The German Army at the time of the Armistice had 6,000,000 rifles, during the retreat she lost 1,500,000 rifles and had delivered over to the Entente 1,690,000. He also stated that the German Army held 250,000 rifles, the Police 117,000, and the Militia 600,000. Lloyd George reportedly flew into a rage over this, but Seeckt ignored his outburst and continued his report. Simply stating the Army’s position was to abide by the terms as soon as they could collect the missing and excess arms (rifles were the least of the worries, missing MG’s and artillery were much more of a concern). He suggested this would take up to a year.

While these figures remained in dispute (Lloyd George suspected more were unaccounted for), Lloyd George essentially agreed to the plans the German government outlined, - this would become the “The Disarming of the People Act”, which goal was simply to entice as many Germans as possible into surrendering the illegal military arms in their hands, and curtailing the ongoing violence. Rewards and amnesty were the first offerings, and eventually just amnesty from criminal prosecution.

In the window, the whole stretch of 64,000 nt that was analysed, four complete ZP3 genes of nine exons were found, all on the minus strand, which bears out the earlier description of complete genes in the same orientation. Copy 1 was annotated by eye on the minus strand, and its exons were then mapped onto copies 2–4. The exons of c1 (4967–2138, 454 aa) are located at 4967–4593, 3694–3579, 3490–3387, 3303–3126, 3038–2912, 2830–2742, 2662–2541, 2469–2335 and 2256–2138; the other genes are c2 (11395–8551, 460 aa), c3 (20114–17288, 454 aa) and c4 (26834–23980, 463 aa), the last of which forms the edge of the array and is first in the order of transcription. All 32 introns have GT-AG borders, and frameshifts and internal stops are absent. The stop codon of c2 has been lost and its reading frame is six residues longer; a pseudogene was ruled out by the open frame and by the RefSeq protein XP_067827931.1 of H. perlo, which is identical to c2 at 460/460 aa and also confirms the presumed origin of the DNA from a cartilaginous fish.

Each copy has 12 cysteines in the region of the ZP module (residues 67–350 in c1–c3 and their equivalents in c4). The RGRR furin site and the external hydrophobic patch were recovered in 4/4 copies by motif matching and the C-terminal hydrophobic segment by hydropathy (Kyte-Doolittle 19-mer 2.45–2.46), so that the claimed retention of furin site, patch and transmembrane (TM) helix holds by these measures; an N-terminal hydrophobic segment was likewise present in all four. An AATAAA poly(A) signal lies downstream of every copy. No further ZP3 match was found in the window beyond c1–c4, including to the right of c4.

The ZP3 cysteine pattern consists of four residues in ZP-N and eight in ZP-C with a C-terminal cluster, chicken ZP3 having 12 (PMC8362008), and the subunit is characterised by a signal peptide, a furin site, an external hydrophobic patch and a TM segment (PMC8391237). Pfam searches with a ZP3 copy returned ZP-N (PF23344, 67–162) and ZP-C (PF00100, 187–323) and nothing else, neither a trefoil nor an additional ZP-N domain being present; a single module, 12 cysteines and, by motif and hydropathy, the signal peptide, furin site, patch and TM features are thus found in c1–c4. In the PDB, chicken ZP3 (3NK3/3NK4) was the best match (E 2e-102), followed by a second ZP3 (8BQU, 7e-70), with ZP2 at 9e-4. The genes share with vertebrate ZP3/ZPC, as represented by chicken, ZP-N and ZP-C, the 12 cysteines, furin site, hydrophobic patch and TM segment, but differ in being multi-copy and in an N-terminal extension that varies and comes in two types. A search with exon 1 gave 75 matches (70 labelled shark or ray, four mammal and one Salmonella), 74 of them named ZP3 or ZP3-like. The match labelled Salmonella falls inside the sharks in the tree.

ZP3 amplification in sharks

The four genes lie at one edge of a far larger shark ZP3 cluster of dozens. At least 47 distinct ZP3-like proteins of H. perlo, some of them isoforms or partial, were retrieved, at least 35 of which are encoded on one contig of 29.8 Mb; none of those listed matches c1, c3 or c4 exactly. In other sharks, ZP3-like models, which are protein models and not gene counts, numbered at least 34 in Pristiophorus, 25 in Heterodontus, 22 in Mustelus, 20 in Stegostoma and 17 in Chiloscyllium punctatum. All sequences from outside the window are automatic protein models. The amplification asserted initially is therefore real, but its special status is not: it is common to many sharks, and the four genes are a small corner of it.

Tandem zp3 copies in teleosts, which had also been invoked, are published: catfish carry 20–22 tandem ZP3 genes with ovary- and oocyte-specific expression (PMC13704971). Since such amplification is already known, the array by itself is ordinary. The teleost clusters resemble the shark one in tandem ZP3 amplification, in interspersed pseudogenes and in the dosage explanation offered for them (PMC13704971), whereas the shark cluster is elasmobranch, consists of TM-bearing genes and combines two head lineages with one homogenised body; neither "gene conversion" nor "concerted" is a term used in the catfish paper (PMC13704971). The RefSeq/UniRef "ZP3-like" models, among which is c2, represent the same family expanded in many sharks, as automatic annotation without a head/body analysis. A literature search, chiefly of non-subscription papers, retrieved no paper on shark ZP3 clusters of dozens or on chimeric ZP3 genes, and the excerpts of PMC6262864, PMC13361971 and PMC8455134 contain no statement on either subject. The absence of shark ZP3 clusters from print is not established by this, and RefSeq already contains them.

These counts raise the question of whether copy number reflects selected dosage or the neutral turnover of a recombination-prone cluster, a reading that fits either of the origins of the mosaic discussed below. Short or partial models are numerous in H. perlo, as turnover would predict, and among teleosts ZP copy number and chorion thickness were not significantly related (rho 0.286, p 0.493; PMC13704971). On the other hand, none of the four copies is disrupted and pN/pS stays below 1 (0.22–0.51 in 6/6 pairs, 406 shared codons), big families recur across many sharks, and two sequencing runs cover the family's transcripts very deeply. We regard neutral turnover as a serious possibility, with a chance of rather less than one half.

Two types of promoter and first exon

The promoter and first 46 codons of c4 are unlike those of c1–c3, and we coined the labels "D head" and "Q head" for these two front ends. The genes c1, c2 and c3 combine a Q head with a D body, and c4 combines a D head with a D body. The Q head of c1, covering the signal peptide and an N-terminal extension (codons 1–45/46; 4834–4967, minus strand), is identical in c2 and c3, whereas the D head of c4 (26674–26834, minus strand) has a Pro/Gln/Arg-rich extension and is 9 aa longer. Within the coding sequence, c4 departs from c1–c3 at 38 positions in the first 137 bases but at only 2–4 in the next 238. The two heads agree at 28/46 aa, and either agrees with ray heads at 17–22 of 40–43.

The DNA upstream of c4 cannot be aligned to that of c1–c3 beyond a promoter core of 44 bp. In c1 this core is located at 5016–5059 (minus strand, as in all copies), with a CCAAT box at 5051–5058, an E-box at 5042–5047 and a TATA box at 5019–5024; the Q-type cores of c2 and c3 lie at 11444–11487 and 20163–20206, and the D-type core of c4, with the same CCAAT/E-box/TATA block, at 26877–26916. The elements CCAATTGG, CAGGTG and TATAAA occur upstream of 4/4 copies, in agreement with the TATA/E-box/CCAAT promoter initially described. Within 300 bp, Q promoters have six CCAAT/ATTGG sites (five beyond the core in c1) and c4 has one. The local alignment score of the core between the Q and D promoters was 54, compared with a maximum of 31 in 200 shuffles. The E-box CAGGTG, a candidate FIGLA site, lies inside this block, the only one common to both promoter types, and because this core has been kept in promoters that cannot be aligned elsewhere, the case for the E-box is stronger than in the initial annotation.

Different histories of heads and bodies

Before the German government could implement this law and buy back program, they had to identify weapons in government hands, from those illegally held, so as to not encourage further thefts for the offered rewards. They decided to mark all weapons currently in government hands with a “1920” marking starting in August 1920. This was done by the individual units, depots, organizations, and that is why the markings vary as to application and style.

The program started on September 15, 1920, and lasted until November 1, 1920, and was later extended to February 1921. The law required all German civilians to surrender all “military” weapons in their possession.